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Four questions for leaders navigating the AI revolution

AI isn’t just an opportunity in and of itself: it’s a chance to coach people to be more resilient and to grow and develop in ways they might not have expected. 

It’s easy to find articles which talk about how AI will disrupt the world of work – sometimes for the better, sometimes not. In March 2023, Goldman Sachs research suggested that AI could replace up to 300 million jobs in the coming years. In June, the ONS reported that exactly half of the adults they surveyed had used AI to some extent in the previous month. Rapid change, yes, and some unique benefits and potential: not all, perhaps, in the areas you might expect.

Leading through change is exciting, but you’re still leading people with fears and differing personalities. Good leadership relishes the chance to help people navigate uncertainty and come out the other side as a better and more effective team. AI isn’t just an opportunity in and of itself: it’s a chance to coach people to be more resilient and to grow and develop in ways they might not have expected.

  1. How can I understand my people better?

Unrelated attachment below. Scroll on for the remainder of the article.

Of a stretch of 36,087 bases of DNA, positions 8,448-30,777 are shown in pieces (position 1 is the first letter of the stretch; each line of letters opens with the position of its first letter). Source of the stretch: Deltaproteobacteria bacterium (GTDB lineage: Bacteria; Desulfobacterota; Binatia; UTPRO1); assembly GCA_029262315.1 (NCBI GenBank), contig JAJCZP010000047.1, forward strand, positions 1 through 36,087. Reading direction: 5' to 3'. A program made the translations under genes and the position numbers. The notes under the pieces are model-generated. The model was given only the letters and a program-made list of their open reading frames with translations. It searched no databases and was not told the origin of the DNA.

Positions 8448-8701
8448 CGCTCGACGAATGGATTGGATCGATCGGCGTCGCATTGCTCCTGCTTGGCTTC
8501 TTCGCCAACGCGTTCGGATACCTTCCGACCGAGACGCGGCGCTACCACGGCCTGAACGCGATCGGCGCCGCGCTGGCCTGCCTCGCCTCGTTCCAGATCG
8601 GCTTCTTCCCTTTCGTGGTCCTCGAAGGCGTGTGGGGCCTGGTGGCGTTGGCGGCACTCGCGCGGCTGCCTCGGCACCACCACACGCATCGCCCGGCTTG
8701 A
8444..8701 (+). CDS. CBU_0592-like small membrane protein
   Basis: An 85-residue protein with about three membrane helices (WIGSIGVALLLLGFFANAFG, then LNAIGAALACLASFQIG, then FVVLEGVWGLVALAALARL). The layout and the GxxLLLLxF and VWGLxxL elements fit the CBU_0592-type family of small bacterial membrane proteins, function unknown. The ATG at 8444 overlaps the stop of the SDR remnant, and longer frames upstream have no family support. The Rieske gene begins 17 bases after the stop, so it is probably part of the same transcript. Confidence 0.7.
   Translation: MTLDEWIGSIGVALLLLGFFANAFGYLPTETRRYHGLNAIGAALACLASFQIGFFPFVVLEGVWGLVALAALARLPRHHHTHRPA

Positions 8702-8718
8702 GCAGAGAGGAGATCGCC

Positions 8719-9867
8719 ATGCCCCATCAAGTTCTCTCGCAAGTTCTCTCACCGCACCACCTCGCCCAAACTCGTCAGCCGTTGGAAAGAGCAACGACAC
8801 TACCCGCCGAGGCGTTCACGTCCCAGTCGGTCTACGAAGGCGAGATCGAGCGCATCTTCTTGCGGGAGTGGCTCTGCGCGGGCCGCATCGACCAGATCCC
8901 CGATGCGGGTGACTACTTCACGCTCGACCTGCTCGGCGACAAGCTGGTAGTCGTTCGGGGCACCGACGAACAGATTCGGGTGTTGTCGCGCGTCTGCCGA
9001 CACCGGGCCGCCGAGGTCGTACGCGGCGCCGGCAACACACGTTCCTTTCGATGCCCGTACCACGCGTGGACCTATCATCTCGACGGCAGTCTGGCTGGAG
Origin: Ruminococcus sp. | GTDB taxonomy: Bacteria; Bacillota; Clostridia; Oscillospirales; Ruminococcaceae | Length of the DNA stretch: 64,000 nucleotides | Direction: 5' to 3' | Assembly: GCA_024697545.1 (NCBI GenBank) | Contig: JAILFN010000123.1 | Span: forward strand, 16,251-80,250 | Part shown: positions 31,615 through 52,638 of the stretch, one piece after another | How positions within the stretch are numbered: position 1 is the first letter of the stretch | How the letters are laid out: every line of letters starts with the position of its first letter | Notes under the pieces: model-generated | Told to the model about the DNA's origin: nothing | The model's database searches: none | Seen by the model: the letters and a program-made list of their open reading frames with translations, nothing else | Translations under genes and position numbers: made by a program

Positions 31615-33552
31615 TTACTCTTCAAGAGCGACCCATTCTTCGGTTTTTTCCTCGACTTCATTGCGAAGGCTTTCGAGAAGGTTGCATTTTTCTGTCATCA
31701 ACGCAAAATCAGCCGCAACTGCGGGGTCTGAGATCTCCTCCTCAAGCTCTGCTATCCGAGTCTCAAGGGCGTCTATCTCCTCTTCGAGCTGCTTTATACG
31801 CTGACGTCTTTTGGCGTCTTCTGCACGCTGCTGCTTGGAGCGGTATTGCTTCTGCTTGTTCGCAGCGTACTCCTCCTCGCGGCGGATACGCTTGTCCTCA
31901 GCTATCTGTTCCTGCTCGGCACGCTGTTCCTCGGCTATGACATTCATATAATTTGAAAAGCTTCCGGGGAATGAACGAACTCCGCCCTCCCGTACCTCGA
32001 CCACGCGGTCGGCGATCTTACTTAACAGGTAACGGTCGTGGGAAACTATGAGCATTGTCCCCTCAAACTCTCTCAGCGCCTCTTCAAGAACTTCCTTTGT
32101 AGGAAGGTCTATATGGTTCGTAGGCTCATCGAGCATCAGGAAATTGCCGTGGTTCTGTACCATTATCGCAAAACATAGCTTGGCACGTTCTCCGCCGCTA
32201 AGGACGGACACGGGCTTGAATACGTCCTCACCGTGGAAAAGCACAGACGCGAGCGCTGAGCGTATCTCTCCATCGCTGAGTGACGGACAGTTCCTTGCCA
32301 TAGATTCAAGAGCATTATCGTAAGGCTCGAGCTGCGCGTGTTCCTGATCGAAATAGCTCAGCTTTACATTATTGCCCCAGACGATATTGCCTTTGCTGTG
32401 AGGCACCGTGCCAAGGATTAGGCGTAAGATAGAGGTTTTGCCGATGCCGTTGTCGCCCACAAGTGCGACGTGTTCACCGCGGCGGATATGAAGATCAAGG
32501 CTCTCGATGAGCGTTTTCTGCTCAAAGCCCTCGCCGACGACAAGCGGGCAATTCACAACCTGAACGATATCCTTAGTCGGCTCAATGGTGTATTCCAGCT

Let’s start with a basic fact: AI saves time. It gathers info rapidly, sorts it sensibly and produces something useful in a fraction of the time a person can. As a leader, that suggests that you now have more time to lead. So if a project has taken substantially less time because we used AI, let’s use some of that time to talk in more depth. Why did we do things this way? How did the employee feel about it, and what might they do differently next time? We can work with real intention on the choices we make to use that saved time. Time spent getting to know your people – what makes them tick, where their skills and passion points are – is always time well spent.

When we discuss a project with a team member or give them feedback, they’re responding not only as an employee but as a human, with all their experiences and idiosyncrasies. The same, of course, applies to the leader: they have their own unconscious biases. The more you understand your team, the better a leader you’ll be. Humans are not machines, but complex systems. This is especially true in hybrid environments, where we forgo the nuances in conversation that we take for granted in a face-to-face setting. So there’s instantly a massive human gap that only another human can fill. And just as AI gives us that opportunity to talk, it can also be the subject of the conversation. Was the experience of using AI a positive one? Did it make you feel empowered? Threatened? Obsolete? This may start to sound like an information-capturing exercise (ironically, something AI might do a decent job of). But parsing that information and using it to build a more rounded picture of your people: that’s something only a good leader can do.

  1. How can I support my team through rapid change? 

Rapid workplace change wasn’t invented with the birth of ChatGPT. But the headline statistic – 60% of contemporary jobs didn’t exist in 1940 – may not be much consolation to the employee who sees their livelihood under threat.